Japan helps Indonesia make new shipping strategy
JAKARTA (JP): The government has received financial assistance from the Japanese government to study and formulate a new strategy to help develop the country's ailing shipping industry, a senior government official said.
Director general of sea communication at the ministry of communication and transportation Tjuk Sukardiman said the Japanese government's Japan International Cooperation Agency (JICA) had provided a US$1.8 million grant to finance the study.
"In cooperation with JICA, Japan Society for the Promotion of Science (JSPS), the ministry and communication and transportation along with the ministry of industry and trade expect to complete the study this year," Sukardiman said on Friday after a seminar on the country's shipping industry.
The seminar was attended by delegates from JICA and JSPS.
He said the study is part of preparations for the implementation of the new government regulation No. 82/1999 on water transportation. The regulation, which was issued on Oct. 7, 1999, will take effect on Oct. 5, 2001.
It will replace government regulation No. 17/1988, which is widely considered to have failed in developing the country's shipping industry and reduce the domination of foreign-flagged ships in Indonesian waters.
"Our shipping industry really is in a miserable condition.
"If we don't fix it (the system), we'll certainly lose out to tough competition," he asserted.
He said the study financed by JICA would also outline strategies to develop the country's shipbuilding industry and repair services.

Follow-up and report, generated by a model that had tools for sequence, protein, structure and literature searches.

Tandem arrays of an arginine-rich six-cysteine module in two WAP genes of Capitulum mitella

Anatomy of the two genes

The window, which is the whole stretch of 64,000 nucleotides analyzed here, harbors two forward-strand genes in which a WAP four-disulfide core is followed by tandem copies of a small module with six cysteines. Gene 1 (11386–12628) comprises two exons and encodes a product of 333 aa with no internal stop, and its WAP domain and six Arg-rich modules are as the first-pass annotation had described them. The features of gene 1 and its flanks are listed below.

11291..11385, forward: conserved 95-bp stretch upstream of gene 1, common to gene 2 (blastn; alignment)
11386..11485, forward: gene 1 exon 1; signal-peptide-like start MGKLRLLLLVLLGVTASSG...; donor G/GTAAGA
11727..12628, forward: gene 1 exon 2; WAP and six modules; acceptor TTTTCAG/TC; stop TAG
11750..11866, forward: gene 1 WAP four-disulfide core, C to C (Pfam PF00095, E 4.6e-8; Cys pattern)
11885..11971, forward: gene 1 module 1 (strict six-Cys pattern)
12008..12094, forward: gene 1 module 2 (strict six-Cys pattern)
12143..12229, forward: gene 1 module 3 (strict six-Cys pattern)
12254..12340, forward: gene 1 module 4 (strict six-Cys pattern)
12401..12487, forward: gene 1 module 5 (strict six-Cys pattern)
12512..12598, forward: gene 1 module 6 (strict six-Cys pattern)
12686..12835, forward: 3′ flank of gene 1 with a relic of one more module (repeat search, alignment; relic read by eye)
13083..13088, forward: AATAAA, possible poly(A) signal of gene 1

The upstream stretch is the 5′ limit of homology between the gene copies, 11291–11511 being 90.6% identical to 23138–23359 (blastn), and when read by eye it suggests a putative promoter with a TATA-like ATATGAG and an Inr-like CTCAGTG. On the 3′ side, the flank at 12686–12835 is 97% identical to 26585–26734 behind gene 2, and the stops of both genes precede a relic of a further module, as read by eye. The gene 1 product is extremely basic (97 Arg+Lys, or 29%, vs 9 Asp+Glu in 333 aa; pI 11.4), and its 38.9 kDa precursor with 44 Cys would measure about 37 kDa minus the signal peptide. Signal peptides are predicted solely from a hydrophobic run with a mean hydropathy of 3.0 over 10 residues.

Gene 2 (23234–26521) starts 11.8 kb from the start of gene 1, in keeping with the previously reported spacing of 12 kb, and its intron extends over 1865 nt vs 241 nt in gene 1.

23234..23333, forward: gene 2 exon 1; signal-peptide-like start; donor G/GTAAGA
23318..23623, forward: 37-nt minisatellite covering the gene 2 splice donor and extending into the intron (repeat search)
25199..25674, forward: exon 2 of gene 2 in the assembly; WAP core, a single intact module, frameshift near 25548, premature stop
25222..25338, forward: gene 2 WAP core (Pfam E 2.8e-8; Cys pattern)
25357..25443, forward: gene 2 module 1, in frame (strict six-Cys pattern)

Quoting the ministry's 1999 data, Sukardiman said local shipping companies took only a 4.79 percent share in the shipment of goods to and from the country, while its share in domestic trade stood at 50.4 percent.
He blamed foreign-flagged cargo ships as an important factor behind the growing domestic balance of payment deficit.
"The domination of foreign shipping companies are mostly to blame for the balance of payment deficit," he said.
According to Sukarman, the deficit in the country's balance of payments increased by between $200 and $300 million a year as from 1989, when the deficit hovered at $0.9 billion, to reach $6.9 billion in 1999.
Local ship-owners have often complained that the country's tax policies and bureaucratic obstacles have hampered the growth of the country's shipping industry.
The lack of financial capability and skilled crew have also made local shipping companies unable to compete with foreign shipping lines in transporting cargo to and from Indonesia. (03)